Crown Molding Scarf Joints

I just put up white crown molding. I used angled (45 degree) scarf joints where two pieces meet along a wall. I matched the joints very carefully but slight differences in the elevation of the two sides seem magnified. I've tried caulk, wood filler, and lots of paint, but the joints still seem visible. Is there a trick I am missing?
Thanks, Tim
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If there's differences in elevation, it sounds like you scarfed them a hair too long. It's much easier to hide the joint if they're a hair too short. When they're long, the only way I know to fix it is sanding them flush. Be careful not to soften (or round over) the sharp edges of the crown profile itself when you're sanding across the scarf joint.
jc

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On Mon, 9 Feb 2009 22:30:23 -0800 (PST), snipped-for-privacy@yahoo.com wrote:

Lots of tricks. A lower angle would be better than a 45-degree angle. Fit the two pieces on a workbench, glue up, reinforce the back with a thin stock, and allow to dry overnight. Using various dowels and other objects sand the joint perfectly smooth, carefully inspect, prime, paint. You could use a biscuit which will make the alignment easier.
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On Mon, 9 Feb 2009 22:30:23 -0800 (PST), snipped-for-privacy@yahoo.com wrote:

Trick one- avoid if at all possible. Buying another 16 foot piece of crown molding hurts when you do it- but the payback is forever.
#2 - If you must, scarf that joint at 30 degrees. [and don't buy your molding at the borg or you'll never find 2 that match]
Jim
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Check that your saw is cutting both pieces accurately (proper angle) and that the pieces are not moving while cut.
Also check your stock, I have seen trim that was slighter wider/thicker depending on which line it came off of or what day.
Cheers, Jim
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snipped-for-privacy@yahoo.com wrote:

In addition to the other suggestions, a few tricks...
1) set up the saw to cut the pieces at the proper angle by using a clamp block on the table to rest the piece against. Then it's a simple miter cut rather than compound and at a fixed position not relying on holding the piece manually.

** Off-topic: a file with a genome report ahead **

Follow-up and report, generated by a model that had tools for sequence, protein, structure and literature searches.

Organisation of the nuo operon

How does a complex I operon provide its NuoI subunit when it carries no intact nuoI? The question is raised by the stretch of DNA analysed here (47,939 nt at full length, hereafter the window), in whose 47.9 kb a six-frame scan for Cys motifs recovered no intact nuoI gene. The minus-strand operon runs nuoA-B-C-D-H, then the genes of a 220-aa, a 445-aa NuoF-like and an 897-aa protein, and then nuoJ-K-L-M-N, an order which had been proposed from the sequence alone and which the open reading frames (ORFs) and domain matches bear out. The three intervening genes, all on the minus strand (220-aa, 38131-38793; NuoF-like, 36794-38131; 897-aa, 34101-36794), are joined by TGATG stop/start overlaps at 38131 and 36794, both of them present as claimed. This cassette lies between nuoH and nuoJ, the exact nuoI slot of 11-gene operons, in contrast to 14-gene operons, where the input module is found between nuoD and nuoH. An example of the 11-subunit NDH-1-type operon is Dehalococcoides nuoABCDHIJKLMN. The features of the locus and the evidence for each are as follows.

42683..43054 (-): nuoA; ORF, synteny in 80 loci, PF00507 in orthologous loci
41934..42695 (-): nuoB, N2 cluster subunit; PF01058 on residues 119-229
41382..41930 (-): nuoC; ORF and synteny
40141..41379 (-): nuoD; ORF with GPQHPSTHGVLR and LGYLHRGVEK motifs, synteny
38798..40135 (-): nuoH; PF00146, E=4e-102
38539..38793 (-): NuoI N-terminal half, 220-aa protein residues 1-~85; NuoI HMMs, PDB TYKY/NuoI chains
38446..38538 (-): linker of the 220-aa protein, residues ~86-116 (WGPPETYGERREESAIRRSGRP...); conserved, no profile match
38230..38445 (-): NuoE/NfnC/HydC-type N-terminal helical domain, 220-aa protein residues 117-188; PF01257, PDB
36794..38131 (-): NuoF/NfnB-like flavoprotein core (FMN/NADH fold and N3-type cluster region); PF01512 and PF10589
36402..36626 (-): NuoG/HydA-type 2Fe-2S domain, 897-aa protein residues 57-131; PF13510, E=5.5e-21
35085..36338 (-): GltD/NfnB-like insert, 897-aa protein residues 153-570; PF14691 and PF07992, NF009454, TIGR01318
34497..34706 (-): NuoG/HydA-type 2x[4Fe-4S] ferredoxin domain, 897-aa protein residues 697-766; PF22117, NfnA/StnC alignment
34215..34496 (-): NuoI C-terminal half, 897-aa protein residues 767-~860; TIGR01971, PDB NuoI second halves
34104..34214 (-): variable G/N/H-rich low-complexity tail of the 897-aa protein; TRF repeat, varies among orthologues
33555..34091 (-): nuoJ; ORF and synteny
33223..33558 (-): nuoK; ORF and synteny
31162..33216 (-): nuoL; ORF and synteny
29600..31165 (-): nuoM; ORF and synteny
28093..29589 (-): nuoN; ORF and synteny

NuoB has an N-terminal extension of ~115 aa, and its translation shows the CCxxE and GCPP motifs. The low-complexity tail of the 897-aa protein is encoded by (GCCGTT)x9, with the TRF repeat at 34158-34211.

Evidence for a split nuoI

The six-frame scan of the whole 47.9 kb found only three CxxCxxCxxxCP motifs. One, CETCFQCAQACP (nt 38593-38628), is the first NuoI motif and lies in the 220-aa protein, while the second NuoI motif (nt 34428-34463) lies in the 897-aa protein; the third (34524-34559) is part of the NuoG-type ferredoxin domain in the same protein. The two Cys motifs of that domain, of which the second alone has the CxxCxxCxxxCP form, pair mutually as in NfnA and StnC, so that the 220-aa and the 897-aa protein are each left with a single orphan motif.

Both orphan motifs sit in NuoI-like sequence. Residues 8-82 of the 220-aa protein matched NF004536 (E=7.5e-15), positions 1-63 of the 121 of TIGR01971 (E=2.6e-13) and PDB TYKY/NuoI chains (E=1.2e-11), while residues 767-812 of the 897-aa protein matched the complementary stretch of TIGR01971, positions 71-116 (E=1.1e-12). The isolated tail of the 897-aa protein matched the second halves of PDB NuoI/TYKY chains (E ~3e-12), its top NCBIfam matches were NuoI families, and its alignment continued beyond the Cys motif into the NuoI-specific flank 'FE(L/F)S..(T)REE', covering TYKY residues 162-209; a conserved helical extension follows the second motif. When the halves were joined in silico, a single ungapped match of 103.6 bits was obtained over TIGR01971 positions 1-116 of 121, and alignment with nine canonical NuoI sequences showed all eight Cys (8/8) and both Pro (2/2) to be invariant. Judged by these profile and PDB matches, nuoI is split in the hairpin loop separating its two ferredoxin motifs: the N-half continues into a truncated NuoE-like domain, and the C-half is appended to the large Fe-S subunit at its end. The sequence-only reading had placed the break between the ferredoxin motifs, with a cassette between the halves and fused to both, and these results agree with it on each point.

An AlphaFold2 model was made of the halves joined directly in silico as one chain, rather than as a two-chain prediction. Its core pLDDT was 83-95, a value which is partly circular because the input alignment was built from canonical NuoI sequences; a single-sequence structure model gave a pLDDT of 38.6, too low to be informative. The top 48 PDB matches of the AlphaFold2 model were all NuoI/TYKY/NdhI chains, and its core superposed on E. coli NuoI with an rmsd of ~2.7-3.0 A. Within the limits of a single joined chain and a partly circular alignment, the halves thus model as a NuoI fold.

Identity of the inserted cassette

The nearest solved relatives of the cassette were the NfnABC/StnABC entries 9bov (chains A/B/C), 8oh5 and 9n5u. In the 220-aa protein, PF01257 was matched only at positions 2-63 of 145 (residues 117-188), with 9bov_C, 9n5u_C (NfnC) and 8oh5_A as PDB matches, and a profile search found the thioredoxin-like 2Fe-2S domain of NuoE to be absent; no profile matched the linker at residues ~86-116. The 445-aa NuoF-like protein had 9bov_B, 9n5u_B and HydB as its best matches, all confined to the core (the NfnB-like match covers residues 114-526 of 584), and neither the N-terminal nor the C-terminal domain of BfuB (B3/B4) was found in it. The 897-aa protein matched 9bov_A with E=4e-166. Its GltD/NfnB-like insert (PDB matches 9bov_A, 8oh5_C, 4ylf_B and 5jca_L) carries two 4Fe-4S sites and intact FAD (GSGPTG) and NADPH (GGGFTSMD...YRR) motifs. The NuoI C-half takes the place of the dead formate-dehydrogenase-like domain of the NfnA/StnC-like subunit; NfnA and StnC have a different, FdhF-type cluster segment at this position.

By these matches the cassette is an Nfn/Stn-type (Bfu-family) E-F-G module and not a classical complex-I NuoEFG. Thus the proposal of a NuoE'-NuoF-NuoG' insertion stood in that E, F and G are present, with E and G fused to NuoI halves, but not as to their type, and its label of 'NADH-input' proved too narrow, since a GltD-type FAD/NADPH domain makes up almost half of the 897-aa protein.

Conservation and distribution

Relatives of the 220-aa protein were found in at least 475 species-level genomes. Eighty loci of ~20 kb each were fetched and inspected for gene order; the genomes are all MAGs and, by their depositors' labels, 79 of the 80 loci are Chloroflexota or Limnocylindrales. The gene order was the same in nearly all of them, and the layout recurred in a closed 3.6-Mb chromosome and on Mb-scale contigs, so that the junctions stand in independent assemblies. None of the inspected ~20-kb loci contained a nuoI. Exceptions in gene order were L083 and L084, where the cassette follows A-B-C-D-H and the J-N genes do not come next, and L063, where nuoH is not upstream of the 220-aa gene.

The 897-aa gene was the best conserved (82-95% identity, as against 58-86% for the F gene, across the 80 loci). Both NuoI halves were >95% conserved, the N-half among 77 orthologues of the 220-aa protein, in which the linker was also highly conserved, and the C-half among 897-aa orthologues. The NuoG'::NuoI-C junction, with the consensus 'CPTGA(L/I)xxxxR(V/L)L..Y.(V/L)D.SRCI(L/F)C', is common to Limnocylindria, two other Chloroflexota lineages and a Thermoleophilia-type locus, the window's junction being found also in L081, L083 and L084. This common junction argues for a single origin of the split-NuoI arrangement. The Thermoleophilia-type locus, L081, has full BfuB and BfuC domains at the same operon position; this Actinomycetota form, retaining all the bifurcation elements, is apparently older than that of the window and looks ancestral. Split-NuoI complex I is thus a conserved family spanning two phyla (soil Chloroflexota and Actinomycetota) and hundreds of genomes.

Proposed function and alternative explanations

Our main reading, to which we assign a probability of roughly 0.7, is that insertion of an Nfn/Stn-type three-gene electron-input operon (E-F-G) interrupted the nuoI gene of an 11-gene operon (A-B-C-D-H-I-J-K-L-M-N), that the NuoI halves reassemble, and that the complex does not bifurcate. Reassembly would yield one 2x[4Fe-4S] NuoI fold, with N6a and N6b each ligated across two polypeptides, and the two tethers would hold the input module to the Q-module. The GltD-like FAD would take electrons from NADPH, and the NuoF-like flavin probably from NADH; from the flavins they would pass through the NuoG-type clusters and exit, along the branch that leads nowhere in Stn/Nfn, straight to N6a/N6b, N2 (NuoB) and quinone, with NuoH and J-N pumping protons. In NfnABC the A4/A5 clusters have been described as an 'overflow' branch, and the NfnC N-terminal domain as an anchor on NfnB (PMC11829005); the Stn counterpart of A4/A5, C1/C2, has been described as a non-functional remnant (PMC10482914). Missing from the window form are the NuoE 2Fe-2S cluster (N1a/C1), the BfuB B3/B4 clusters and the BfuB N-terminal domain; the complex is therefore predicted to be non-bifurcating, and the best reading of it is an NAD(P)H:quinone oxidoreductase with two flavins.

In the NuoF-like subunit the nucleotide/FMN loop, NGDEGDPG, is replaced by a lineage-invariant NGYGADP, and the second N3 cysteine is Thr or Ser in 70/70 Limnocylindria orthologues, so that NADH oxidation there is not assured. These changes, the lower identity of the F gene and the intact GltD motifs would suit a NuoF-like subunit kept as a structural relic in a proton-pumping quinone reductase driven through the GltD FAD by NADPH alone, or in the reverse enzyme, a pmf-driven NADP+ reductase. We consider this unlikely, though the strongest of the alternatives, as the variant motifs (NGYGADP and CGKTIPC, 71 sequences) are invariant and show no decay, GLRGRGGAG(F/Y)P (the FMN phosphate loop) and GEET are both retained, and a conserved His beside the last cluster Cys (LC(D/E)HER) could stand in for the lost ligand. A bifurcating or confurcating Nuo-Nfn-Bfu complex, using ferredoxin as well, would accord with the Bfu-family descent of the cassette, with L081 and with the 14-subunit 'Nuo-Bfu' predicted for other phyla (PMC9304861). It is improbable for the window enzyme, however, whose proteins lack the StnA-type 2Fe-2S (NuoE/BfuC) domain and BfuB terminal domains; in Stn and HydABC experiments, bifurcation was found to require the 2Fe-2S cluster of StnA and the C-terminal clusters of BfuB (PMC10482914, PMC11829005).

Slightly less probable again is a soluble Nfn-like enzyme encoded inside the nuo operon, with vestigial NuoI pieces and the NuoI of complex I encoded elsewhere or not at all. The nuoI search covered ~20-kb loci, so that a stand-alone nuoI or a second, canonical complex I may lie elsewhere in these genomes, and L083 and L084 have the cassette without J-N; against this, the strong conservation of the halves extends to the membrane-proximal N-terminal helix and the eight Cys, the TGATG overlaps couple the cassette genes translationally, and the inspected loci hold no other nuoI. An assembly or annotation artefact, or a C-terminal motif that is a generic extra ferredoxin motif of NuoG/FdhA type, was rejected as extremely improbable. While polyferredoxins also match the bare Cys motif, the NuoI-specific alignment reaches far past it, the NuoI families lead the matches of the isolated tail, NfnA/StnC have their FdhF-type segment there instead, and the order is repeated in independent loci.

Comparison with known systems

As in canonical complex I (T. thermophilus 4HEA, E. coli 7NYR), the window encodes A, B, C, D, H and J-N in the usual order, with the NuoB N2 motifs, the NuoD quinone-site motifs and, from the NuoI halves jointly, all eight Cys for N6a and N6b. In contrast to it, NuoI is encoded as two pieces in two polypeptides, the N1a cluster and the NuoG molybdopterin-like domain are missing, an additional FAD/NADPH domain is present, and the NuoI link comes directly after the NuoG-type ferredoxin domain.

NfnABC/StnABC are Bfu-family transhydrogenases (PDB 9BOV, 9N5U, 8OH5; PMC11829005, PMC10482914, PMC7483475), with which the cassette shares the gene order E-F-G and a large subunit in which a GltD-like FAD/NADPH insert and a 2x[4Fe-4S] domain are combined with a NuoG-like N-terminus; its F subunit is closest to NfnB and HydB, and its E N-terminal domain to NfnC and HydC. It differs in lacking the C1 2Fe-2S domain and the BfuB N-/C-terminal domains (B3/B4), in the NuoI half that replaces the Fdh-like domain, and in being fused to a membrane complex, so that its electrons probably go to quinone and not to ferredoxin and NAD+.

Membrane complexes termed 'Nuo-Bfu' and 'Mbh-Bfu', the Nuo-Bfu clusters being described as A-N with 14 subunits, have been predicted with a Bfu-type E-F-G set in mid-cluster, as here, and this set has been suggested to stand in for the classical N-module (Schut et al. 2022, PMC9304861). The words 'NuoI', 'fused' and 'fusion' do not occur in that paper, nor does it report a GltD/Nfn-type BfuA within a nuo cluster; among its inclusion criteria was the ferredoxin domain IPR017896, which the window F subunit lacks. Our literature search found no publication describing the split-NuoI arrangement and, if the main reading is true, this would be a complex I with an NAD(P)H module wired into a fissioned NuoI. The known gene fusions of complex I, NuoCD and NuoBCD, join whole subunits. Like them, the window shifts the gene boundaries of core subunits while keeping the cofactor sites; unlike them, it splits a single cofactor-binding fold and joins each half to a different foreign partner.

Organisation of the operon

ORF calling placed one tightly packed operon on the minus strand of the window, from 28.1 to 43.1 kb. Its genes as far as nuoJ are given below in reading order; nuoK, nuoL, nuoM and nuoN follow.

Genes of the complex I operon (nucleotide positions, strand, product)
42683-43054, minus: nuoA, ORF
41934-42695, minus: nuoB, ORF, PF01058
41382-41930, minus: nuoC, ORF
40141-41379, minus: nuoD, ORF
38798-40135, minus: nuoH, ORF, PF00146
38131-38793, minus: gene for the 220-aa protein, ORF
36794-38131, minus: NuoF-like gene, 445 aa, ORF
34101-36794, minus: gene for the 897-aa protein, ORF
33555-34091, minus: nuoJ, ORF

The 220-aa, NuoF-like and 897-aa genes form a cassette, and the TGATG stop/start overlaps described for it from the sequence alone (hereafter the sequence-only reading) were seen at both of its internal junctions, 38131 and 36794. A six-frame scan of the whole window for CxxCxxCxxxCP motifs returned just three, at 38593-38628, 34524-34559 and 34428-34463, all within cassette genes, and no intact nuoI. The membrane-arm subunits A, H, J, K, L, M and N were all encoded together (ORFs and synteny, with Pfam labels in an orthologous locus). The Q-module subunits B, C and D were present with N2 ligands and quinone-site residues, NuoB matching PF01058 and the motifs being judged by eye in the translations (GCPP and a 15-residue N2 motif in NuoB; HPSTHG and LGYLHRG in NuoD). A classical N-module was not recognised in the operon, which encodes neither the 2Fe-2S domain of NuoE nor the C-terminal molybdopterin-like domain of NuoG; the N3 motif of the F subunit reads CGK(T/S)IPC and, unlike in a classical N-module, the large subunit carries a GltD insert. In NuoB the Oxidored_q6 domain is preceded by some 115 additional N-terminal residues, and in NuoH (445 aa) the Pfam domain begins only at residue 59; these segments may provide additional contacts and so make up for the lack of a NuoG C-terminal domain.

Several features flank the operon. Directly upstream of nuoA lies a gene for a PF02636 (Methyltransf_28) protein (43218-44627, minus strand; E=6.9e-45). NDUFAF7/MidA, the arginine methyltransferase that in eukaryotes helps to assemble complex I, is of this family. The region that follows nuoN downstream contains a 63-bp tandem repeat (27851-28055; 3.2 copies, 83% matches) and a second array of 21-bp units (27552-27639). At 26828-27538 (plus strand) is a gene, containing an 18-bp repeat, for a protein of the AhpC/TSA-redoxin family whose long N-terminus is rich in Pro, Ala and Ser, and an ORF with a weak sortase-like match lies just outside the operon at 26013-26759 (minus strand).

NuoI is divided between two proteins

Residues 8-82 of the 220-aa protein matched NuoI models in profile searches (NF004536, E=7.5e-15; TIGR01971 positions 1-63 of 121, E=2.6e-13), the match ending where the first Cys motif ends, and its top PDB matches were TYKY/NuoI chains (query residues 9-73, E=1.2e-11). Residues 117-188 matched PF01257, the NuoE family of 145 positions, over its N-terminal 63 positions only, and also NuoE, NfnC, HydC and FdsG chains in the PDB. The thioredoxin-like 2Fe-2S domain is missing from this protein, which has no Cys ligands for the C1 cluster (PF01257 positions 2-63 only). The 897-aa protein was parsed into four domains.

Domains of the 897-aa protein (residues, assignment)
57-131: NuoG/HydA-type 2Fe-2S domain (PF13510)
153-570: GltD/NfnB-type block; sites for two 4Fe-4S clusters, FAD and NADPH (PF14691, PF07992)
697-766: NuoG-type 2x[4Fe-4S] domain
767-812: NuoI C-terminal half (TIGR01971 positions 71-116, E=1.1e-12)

2) use blocking on the wall to set the angle precisely when mounting. In particular, a backing block at the joint would help significantly.
The points about ensuring the material is actually uniform are spot on--w/o that, there's nothing other than fixing up the mismatch after the fact to be done.
--
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Thanks to all who replied.
Couple of follow-up questions:
1) What do you mean by backing blocks? Does this mean ledgers?
2) A few of you suggested angles other than 45 degs (e.g. 30 degs). Does this mean more vertical or horizontal (as viewed when the piece is on the wall)? In other words 30 degs measured from a vertical axis or the horizontal axis?
Thanks, Tim
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snipped-for-privacy@yahoo.com wrote: ...

No, not ledgers but angle blocks of the right size/angle for the crown to set against solidly to establish the proper angle to the wall and particularly to provide solidity at joints, etc.

...
I didn't read that so not sure what the other posters intended but the dimensions may not be perfectly 45 on many crowns so need to check what the run and rise are w/ a square to ensure are cutting the proper angles.
As I suggested, using those dimensions and a guide on the miter saw lets you cut at a 45 vertically.
Oh....now I realize what they were speaking of...rather than making the scarf cut at 45, make it longer/shallower than 45 to provide a longer surface. Can make the fitting somewhat easier and help disguise the joint. But, if the material isn't uniform it won't solve that problem.
If the mounting angle isn't precise which is difficult w/o blocking often to get consistent owing to imprecise framing, drywall compound buildup, etc., et., etc., it just compounds getting two pieces to meet precisely. Longer surface are (shallower angle) helps somewhat there, too.
Just so happens I was picking up the last couple of days being sorta' laid up w/ a cold and not doing much -- in the pile of stuff I leafed thru as was doing so happened to notice a very nice article on crown in Fine Homebuilding No. 194 (May '08) that is worth the read.
Talks of all these points and more in length, with pictures... :)
--
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On Tue, 10 Feb 2009 11:26:43 -0800 (PST), snipped-for-privacy@yahoo.com wrote:

Take a DIY look at this book at a local HD store. It should be on the shelf next to trim and molding material. It helped me as a diy guy.
It explains blocks, measuring a corner that is not square, etc...
http://www.compoundmiter.com/index.html
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snipped-for-privacy@yahoo.com wrote:

Hmmmm never had much problem with this. I always put a nailer on the wall and ceiling behind the scarf, because its almost impossible to line up the scarf on a stud. I cut a compound miter, so one side of the miter locks into the other. I put up this \\ angle first then the other locks into it. You can also use a backing block to help lock them together. A little filler and sanding and youre done. You can click on my website addy below to see the results...
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